Thanks, Richard. I think I will merely make some blog posting, perhaps make a small amount of noise about it (I gather Urs will likewise advertise it) and see what happens. I’d be nervous about emailing all these big shots (including a newly-minted Fields medallist) and claiming they don’t understand elementary category theory.
Well, you know, they’re just ordinary people. I’d probably try not to write anything that you wouldn’t ask if you were in discussion with them in person, i.e. try to phrase things with the same degree of politeness, balance, and constructiveness (which is not to say that you are not doing so already, just that it’s for you to make that judgement I’d say :-)).
OK here is version 0.4 and what I intend to write as a blog post (shamelessly stolen from the intro)
In March 2018 Peter Scholze and Jacob Stix travelled to Japan to visit Shinichi Mochizuki to discuss with him his claimed proof of the $abc$ conjecture. In documents released in September 2018, Scholze–Stix claimed the key Lemma~3.12 of Mochizuki’s third Inter-Universal Teichm"uller Theory (IUTT) paper reduced to a trivial inequality under certain harmless simplifications, invalidating the claimed proof. Scholze apparently had concerns about the proof of Lemma 3.12 for some time; it has been reported that a number of other arithmetic geometers independently arrived at the same conclusion. Mochizuki agreed with the conclusion that under the given simplifications the result became trivial, but not that the simplifications were harmless. However, Scholze and Stix were not convinced by the arguments as to why their simplifications drastically altered the theory, and we stand at an impasse.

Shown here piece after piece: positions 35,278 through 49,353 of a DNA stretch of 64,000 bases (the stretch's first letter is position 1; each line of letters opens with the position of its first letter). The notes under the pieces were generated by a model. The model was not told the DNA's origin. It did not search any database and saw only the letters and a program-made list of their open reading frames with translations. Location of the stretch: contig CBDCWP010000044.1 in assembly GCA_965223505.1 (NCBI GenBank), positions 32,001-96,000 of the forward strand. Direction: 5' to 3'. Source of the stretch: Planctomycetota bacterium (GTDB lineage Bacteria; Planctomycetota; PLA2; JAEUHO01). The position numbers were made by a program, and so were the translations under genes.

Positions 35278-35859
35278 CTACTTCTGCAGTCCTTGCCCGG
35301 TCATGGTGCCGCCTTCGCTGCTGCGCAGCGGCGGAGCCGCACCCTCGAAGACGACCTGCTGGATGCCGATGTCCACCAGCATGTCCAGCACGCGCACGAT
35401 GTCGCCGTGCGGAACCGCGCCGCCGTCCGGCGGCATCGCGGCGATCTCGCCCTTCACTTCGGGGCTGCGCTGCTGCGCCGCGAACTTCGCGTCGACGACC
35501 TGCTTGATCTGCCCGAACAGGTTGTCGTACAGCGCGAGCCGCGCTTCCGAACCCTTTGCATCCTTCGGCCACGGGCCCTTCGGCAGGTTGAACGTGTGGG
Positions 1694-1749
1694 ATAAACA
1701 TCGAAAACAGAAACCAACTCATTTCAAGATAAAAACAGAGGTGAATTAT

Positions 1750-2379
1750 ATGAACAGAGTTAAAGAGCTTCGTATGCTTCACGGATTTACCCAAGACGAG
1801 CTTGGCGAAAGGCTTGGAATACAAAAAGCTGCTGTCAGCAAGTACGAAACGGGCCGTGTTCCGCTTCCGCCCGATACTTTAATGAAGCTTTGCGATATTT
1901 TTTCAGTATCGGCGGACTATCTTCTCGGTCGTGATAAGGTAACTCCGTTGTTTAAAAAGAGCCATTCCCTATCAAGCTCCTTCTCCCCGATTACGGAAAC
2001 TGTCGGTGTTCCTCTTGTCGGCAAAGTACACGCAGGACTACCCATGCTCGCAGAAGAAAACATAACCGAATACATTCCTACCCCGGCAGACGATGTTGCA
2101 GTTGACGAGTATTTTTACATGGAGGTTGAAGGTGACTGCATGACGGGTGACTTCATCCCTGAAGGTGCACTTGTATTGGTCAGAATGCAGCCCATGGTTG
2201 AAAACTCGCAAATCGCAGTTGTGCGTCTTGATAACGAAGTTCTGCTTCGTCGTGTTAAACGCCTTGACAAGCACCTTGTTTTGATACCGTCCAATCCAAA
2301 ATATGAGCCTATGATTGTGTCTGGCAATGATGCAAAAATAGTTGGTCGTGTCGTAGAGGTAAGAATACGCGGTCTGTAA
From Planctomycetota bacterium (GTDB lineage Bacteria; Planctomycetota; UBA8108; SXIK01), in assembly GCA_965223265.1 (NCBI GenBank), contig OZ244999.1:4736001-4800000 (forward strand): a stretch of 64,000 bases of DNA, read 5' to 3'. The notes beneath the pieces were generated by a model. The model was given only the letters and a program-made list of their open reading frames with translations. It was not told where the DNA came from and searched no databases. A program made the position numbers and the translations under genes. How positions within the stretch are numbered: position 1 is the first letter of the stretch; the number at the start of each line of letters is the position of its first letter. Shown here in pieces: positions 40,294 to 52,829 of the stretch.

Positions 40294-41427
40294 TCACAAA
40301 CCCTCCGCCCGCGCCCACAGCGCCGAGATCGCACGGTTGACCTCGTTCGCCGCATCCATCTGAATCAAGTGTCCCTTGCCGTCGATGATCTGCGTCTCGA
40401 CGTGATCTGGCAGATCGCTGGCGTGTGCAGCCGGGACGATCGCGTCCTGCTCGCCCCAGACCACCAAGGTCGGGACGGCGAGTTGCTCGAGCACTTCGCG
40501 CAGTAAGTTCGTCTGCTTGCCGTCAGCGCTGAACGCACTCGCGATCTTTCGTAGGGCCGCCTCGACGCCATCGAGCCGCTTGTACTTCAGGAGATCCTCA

The documents released by both sides include two versions of a report by Scholze–Stix, titled Why $abc$ is still a conjecture, each with an accomanying reply by Mochizuki, as well as a 41-page article, Report on discussions, held during the period March 15 – 20, 2018, concerning Inter-Universal Teichm"uller Theory (IUTCH). This latter document is written in a style consistent with Mochizuki’s IUTT papers, and his other documents concerning IUTT. As such, it can be difficult (at least for me) to extract concrete and precisely-defined mathematical results that aren’t mere analogies or metaphors. Rather than analogies, one should strive to express the necessary ideas or objections in as precise terms as possible, and I argue that one should use category theory to clean up all the parts of the arguments that are not actual number theory or arithmetic geometry.
I made some more detailed notes about this here.
I’d be happy to stop thinking about this :-), progress becomes very, very slow when I do.
Maybe just one quick suggestion: “clean up all the parts” sounds to me a little naïve. Maybe just drop the “all”?
Also I reacted a bit to the final sentence in #76: I don’t think Mochizuki is claiming that anything is trivial, I think he is simply saying that a colimit of a diagram involving many copies of $\mathbb{R}^{n}$ cannot be replaced by a diagram whose source is the final category, sent to a single copy of $\mathbb{R}^{n}$.